When Terry Mutter woke up with a headache and sore muscles, the amateur powerlifter attributed it to hard training.
However, that Wednesday night he had a fever of 101 degrees and was clearly ill. “It felt like I had been hit by a truck,” remembers Mutter, who lives near Seattle.
The next day he was diagnosed with COVID-19. On Saturday, the 58-year-old was enrolled in a clinical trial for the same antibody cocktail that President Donald Trump claimed had “cured” him of the coronavirus.
“I had heard it on the news,” said Mutter, who joined the Regeneron lab trial to test whether their combination of two artificial antibodies can neutralize the deadly virus.
Mutter learned about the study from his sister-in-law, who works at the Fred Hutchinson Cancer Research Center in Seattle, one of many trial sites across the country. He is one of hundreds of thousands of Americans, including the president, who took risks with experimental therapies to treat or prevent COVID-19.
But with nearly 8 million people infected and more than 217,000 deaths from COVID-19 in the country, many patients are unaware of these options or cannot access them. Others are wary of unproven treatments.
“I honestly think I would never have gotten a call if I hadn’t met someone who would tell me about the trial,” said Mutter, a retired Boeing executive.
The Clinicaltrials.gov website records more than 3,600 studies involving COVID-19 or SARS-CoV-2, the virus that causes the disease.
More than 430,000 people have volunteered through the COVID-19 Prevention Network. Thousands more have received therapies, such as the antiviral drug remdesivir, which has an emergency federal clearance.
Faced with a serious diagnosis of COVID-19, how do patients or their families know if they can, or should, aggressively seek these treatments? On the contrary, how can they decide whether or not to reject them if they are offered them?
Such medical decisions are never easy, and they are even more difficult during a pandemic, said Annette Totten, associate professor of medical informatics and clinical epidemiology at Oregon Health and Sciences University.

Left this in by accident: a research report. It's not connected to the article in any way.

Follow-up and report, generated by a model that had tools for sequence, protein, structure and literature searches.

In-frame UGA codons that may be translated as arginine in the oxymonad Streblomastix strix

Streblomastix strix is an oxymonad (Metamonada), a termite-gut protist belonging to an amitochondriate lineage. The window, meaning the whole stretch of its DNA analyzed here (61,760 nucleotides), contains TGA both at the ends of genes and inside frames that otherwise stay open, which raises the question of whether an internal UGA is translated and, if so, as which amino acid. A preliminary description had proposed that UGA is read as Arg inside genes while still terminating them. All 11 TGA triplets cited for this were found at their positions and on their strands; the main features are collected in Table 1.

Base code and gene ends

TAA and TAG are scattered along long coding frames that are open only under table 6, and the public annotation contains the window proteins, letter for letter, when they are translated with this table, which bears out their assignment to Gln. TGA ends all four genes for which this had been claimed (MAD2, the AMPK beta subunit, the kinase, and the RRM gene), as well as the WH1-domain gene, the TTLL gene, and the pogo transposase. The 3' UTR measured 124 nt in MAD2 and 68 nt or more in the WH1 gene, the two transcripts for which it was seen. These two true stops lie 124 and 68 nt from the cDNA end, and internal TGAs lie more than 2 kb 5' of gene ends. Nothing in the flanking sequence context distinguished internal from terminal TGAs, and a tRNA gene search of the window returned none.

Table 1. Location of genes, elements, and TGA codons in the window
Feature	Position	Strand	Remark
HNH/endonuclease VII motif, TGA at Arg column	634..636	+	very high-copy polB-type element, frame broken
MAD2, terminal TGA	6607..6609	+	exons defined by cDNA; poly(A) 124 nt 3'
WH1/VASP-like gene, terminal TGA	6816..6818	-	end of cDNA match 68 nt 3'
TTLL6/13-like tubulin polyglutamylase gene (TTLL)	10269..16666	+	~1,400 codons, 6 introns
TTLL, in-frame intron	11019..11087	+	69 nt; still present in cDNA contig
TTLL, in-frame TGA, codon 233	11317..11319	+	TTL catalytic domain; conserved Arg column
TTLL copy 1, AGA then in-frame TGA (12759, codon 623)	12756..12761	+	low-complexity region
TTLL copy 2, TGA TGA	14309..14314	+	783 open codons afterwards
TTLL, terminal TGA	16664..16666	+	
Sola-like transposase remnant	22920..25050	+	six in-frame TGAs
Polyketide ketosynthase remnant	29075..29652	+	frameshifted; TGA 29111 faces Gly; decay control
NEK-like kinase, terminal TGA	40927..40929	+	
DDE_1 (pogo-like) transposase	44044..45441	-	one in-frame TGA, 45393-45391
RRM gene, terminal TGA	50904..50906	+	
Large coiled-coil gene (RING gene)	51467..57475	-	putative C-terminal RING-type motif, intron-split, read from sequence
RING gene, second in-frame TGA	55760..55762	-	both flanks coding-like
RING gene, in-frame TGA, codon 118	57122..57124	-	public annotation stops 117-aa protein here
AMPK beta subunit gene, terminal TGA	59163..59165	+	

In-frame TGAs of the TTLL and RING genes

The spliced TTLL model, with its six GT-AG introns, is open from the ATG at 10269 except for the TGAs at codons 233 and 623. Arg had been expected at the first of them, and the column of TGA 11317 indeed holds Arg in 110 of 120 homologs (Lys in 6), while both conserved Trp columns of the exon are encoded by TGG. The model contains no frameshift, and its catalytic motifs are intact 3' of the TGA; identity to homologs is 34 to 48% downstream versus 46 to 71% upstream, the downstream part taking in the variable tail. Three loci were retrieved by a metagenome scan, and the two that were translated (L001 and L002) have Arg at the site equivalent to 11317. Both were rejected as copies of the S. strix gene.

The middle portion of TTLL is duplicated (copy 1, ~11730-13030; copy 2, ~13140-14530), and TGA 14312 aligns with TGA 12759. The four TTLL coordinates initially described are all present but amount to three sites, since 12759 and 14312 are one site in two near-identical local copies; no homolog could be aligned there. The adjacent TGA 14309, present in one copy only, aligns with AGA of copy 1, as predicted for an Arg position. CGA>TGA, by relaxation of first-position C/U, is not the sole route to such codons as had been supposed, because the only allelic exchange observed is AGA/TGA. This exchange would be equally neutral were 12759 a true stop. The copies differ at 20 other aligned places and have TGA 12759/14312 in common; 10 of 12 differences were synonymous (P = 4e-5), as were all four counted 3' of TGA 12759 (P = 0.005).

“The challenge is that the evidence is not good because everything with COVID is new,” said Totten, who specializes in medical decision making.
Consumers are understandably affected by conflicting information about possible treatments for LA COVID-19 from political leaders, including Trump, and the scientific community.
The drug hydroxychloroquine, touted by the president, received an emergency clearance from the Food and Drug Administration (FDA), only for the decision to be reversed several weeks later for fear that it would cause harm.
Convalescent plasma, which uses blood products from people recovered from COVID-19 to treat those who are still ill, was administered to more than 100,000 patients in an expanded access program and made available to all through another emergency authorization. , although scientists are not sure of its benefits.
Regeneron and the pharmaceutical company Eli Lilly have applied for emergency use authorization for their monoclonal antibody therapies, even as scientists say this could jeopardize enrollment in trials that will test whether or how well they work.
So far, about 2,500 people have signed up for Regeneron’s trials, and of those, about 2,000 are receiving the therapy, a company spokesperson said. Others have received the treatment through so-called compassionate use programs, although the company did not say how many.